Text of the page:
33. 33. Environmental Context of the HR • The Strategic Importance of HRM • The Legal Environment of HRM GENERIC division • Change in strategy of HR Environmental challenges that can present may be categorized as Under Cultural diversity The changing nature of work Mergers and takeovers Corporate downsizing  Layoffs and retention issues  language changes and diversity  external influence
  34. 34. Environmental context is the one where HR has to focus on these Factors Internal Factors External Factors Legal Factors
  35. 35. Factors influence of environmental factor of HR Business culture Legislation General economic conditions Industry sector Technological change Flexibility and diversification Employee relations Workforce composition
  36. 36. Factor affecting the HR Process from other Holistic VIEW
  37. 37. Internal environment Values and ethics Diversity and employment inequality Organization structure Work force composition Workplace well being Learning's and T&D Language issues
  38. 38. External environment  Economy and labour market  Labour force and diversification  Science and Technology  Society and Environmental context  Political environment  legal Environment
  39. 39. Legal environment •Wage distribution and compensation norms •Labour Laws •Maternity and other Government laws •PMS •legalities of security and social norms •Work distribution and job equality
  40. 40. Current Issues with the HR Worker productivity Quality improvement Downsizing The changing workforce Global economy The impact of government Quality of working life Technology and training
  41. 41. What are extended HR functions mission and goals environmental analysis strategic formulation strategy implementation strategy evaluation. Because of the following relation
  42. 42. • • • • • • • Introduction Concept and Nature of Innovation Types of Innovation Sources of Innovation Models of Innovation Innovation Process Influencing Factors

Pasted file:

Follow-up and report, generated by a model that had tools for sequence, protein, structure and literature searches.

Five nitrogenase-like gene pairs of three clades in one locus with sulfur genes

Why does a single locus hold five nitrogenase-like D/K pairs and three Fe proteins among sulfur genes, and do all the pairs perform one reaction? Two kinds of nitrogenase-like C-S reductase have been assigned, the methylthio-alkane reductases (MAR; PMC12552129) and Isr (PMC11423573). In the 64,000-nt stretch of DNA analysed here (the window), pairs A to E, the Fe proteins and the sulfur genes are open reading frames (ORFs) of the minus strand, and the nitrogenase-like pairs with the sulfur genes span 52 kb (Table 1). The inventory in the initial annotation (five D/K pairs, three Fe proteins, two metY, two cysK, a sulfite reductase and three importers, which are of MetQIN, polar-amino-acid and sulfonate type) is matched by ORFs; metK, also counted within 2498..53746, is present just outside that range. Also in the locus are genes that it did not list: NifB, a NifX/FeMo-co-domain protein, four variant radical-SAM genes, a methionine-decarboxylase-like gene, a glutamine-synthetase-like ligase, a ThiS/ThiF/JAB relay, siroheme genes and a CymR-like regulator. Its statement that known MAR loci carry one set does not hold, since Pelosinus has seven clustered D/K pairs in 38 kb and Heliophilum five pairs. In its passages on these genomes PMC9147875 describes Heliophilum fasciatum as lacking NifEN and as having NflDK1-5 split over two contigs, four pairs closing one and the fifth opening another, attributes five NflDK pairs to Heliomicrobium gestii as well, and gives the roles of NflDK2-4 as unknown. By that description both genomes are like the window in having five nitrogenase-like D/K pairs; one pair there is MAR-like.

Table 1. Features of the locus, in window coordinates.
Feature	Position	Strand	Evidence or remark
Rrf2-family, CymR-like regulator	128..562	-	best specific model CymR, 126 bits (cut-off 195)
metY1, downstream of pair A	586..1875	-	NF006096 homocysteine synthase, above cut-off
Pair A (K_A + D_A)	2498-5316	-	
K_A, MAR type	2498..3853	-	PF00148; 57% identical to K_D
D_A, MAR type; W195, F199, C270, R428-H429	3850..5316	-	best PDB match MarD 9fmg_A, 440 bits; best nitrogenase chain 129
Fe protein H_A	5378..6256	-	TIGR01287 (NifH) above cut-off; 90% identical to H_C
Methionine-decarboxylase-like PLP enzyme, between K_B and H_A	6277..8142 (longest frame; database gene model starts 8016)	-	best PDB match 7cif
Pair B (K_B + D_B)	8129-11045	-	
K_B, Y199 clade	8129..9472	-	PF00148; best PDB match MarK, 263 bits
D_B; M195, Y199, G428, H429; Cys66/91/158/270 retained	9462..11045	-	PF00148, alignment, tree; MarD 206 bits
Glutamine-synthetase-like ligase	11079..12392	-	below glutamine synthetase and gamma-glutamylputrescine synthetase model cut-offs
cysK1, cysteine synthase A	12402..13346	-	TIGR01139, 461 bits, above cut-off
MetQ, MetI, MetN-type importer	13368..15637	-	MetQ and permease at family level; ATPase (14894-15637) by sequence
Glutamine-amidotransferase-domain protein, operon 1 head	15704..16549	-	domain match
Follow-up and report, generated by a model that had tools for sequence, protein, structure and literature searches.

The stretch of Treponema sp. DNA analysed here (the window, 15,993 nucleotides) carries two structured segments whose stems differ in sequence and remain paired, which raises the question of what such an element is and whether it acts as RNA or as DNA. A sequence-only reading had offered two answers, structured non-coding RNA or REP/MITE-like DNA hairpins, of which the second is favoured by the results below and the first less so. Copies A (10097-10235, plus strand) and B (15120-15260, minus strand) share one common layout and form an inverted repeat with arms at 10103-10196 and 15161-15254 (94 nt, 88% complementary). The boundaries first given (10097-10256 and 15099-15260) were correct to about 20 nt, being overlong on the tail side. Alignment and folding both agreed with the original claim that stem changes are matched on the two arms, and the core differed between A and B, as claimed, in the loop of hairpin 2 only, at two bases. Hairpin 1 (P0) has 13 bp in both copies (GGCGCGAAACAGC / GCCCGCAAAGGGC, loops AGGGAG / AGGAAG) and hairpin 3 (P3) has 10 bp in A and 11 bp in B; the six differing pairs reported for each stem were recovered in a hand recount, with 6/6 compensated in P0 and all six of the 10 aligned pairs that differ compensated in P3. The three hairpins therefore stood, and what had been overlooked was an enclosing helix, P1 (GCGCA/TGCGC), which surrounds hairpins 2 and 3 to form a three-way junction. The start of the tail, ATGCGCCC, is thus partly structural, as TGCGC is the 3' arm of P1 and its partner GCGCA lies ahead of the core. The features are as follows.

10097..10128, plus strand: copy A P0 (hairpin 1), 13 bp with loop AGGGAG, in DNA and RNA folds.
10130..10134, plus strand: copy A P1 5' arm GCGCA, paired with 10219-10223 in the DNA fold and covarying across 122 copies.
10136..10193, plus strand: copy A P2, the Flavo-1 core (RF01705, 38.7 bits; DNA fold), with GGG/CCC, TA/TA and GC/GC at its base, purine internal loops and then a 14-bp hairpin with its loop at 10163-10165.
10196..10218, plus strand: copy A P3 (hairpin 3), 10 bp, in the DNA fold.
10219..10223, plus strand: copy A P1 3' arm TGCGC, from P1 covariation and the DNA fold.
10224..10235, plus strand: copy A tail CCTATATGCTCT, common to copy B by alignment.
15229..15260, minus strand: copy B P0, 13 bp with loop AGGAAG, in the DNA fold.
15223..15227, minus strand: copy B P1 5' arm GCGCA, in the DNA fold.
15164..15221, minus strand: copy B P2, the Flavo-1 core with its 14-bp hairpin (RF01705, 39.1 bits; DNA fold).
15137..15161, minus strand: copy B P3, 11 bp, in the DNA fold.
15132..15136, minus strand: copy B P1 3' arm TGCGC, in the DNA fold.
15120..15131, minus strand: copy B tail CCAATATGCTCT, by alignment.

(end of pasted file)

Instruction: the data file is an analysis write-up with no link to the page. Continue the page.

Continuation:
43. 43. • Explain the concept, components and characteristics of innovation • Describe the models and sources of innovation • Know the stages in the innovation process • Identify the factors that contribute to successful innovation
  44. 44. • Managing technology involves continuous effort in creating technology, developing novel products and services, and successfully marketing them • It requires:  Great creativity  Investment in R&D Labs Marketplace
  45. 45. • Invention is an idea for a novel product or process • Innovation is the introduction of new products, processes or services into the market place • Technological innovation begins with invention – a sub-set of innovation • The process of technological innovation is a complex set of activities that transforms ideas and scientific knowledge into physical reality and real-world applications - converts knowledge into useful products and services that have socioeconomic impact.
  46. 46. • Characteristics of organizational innovation are as follows: • An innovation must be...  A tangible product, process or procedure within an organization  New to the social setting within which it is introduced  Intentional rather than accidental  A challenging change  Aimed at predicting benefit to the organization  Public in its effects
  47. 47. • Fundamental components of the model are the same but the nature of the business may dictate variations in implementation techniques.
  48. 48. Martin (1994) illustrate the technological innovation process as a chain equation • • Reveals the important role of entrepreneurship in connecting ideas to the marketplace The management role in the innovation chain emphasizes: – The need for stability and control at a certain phase of the innovation process – A formalized managerial structure tends to produce incremental and process innovations more than radical innovations
  49. 49. Mills (1996) provided very simplified but interesting definitions for several components of the process of technological innovation known as minimalist definitions. – – – – – – Science : How things are. Technology : How to do things. Management : How to get things done. Technology management : Doing things. Entrepreneurship : Doing things to make money Innovation : Doing entrepreneurship
  50. 50. 8 Stages of Technological Innovation
  51. 51. 1. Basic Research  Increase our general understanding of the laws of nature  Generating knowledge over a long period of time  May or may not result in specific application 1. Applied Research  Directed toward solving one or more of society’s problems (specific problems)  Eg.: research conducted to develop a drug for treating a known disease 1. Technology Development  Human activity that converts knowledge and ideas into physical hardware, software or service - prototype 1. Technology Implementation  Set of activities associated with introducing a product into the marketplace – success commercial introduction